|Architect:||Baldassare Longhena, Giorgio Massari|
|Current use:||Museum of 18th century Venice|
In 1649, Filippo Bon decided to replace two old houses of his family with a new large palace, designed by Baldassarre Longhena. While the influence of Jacopo Sansovino and his Palazzo Corner della Ca'Granda on the Venetian palace architecture and especially on the Rezzonico palace is unmistakable, Longhena's plastic design of the upper floors goes a step further. The Venetian tripartite floor plan still dominates much of the building, but is not invisible on the façade any more, as all nine window axis with their independent balconies are of equal dimensions and design. Above a bossed ground floor with a portico rise two upper floors with the ionic respectively corinthian order, a mezzanine floor and a massive cornice. After Longhena's death in 1682, his scholar Giorgio Massari continued the building. Several incisions by Vincenzo Maria Coronelli and Visentini (after a painting by Canaletto) show the front of the Ca'Rezzonico unfinished, while the rear part was already completed. After Bon's bankruptcy, the Rezzonico brothers Quintiliano, Abbondio, and Giovanni Battista, who had acquired the Venetian nobility in 1687, bought the unfinished palace in 1751. In 1756, the building was finished. Two years later, Giambattista Rezzonico was elected as Pope Clement XIII. The Rezzonico S. Barnaba also had the Villa Rezzonico Borella in Bassano del Grappa.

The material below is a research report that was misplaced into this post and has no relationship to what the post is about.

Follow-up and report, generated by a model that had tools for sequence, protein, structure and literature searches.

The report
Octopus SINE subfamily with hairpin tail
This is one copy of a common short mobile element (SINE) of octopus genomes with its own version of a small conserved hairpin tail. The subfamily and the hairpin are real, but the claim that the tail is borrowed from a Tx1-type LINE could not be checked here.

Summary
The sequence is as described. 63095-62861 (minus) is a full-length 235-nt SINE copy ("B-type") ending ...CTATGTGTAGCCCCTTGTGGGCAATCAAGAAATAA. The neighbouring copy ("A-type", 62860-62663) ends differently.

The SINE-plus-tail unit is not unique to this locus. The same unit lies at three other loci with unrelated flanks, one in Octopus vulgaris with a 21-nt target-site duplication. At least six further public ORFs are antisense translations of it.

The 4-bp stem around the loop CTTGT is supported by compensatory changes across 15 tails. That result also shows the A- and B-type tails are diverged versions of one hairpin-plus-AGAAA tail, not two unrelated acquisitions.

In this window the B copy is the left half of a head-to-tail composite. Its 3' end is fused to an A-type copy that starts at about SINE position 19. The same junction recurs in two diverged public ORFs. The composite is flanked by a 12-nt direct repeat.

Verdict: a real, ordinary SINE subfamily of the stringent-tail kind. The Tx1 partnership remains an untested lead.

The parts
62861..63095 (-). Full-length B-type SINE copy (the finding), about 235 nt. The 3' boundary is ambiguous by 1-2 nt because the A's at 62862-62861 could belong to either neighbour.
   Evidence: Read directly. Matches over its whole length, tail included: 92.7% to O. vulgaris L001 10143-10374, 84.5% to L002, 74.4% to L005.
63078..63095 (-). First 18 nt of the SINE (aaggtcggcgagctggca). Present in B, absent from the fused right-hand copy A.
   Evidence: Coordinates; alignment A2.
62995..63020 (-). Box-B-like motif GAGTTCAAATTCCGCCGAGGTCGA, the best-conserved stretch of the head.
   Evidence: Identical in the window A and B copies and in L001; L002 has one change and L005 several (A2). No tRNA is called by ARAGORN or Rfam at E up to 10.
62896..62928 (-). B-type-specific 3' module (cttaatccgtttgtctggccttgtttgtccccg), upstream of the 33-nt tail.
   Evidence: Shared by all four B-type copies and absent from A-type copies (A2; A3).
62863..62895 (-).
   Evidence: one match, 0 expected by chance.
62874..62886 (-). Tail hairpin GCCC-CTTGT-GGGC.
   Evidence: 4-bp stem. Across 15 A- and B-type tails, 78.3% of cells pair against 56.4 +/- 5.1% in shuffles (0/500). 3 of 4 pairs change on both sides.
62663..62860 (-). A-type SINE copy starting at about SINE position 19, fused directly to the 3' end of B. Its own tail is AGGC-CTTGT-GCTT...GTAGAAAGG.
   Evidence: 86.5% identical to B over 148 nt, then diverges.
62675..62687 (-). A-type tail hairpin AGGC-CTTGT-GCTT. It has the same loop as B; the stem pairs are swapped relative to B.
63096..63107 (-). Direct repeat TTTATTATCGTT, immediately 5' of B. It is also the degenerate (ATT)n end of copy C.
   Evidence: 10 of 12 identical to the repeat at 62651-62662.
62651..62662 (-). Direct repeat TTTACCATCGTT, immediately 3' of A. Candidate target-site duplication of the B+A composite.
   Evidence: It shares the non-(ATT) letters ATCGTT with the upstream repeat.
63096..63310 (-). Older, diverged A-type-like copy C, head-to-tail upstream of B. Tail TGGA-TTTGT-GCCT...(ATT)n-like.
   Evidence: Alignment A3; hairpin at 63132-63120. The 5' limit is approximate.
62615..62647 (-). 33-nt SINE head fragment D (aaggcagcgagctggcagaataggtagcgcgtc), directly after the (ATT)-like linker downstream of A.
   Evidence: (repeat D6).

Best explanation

While the forepart of the palace has a tripartite plan and a staircase for the second floor, the part behind the courtyard consists of a huge ballroom, taking up the height of two floors and the width of the entire building. The largest representative staircase of a Venetian private palace gives access to this hall. A chapel protrudes on the Rio di San Barnaba on the left. Giambattista Crosato frescoed the ceiling of the ballroom with 'Apollo riding his carriage between Europe, Asia, Africa and The Americas'. Another room in the left wing shows a allegory of marriage, created by Giambattista Tiepolo in 1758, when Lodovico Rezzonico married Faustina Savorgnan.
In 1810, the Rezzonico died out with Abbondio. During the following changes of ownership, the mobile interior decoration was sold. In the 1880s, tha painter Robert Barrett Browning acquired Palazzo Rezzonico. The City of Venice bought the palace finally in 1936 and established the Museum of the "Settecento Veneziano". While the ostentatious architecture of the Rezzonico surely is the most adequate to demonstrate 18th century Venice, many of the exhibits have been carried together from other Venetian palaces. A wooden alcove originally was in the Palazzo Carminati, a ceiling fresco by Giambattista Tiepolo in the Palazzo Minotto Barbarigo, and several pieces of furniture in the Palazzo Calbo Crotta. Officially, the works were "salvaged". The atmosphere in the Rezzonico palace is to some extent artificial. For a nearly perfectly preserved 18th century interior of a patrician home, see Palazzo Mocenigo a San Stae.
courtyard towards the garden
© 1999-2007 J.-Ch. Rößler
Venice architecture - palaces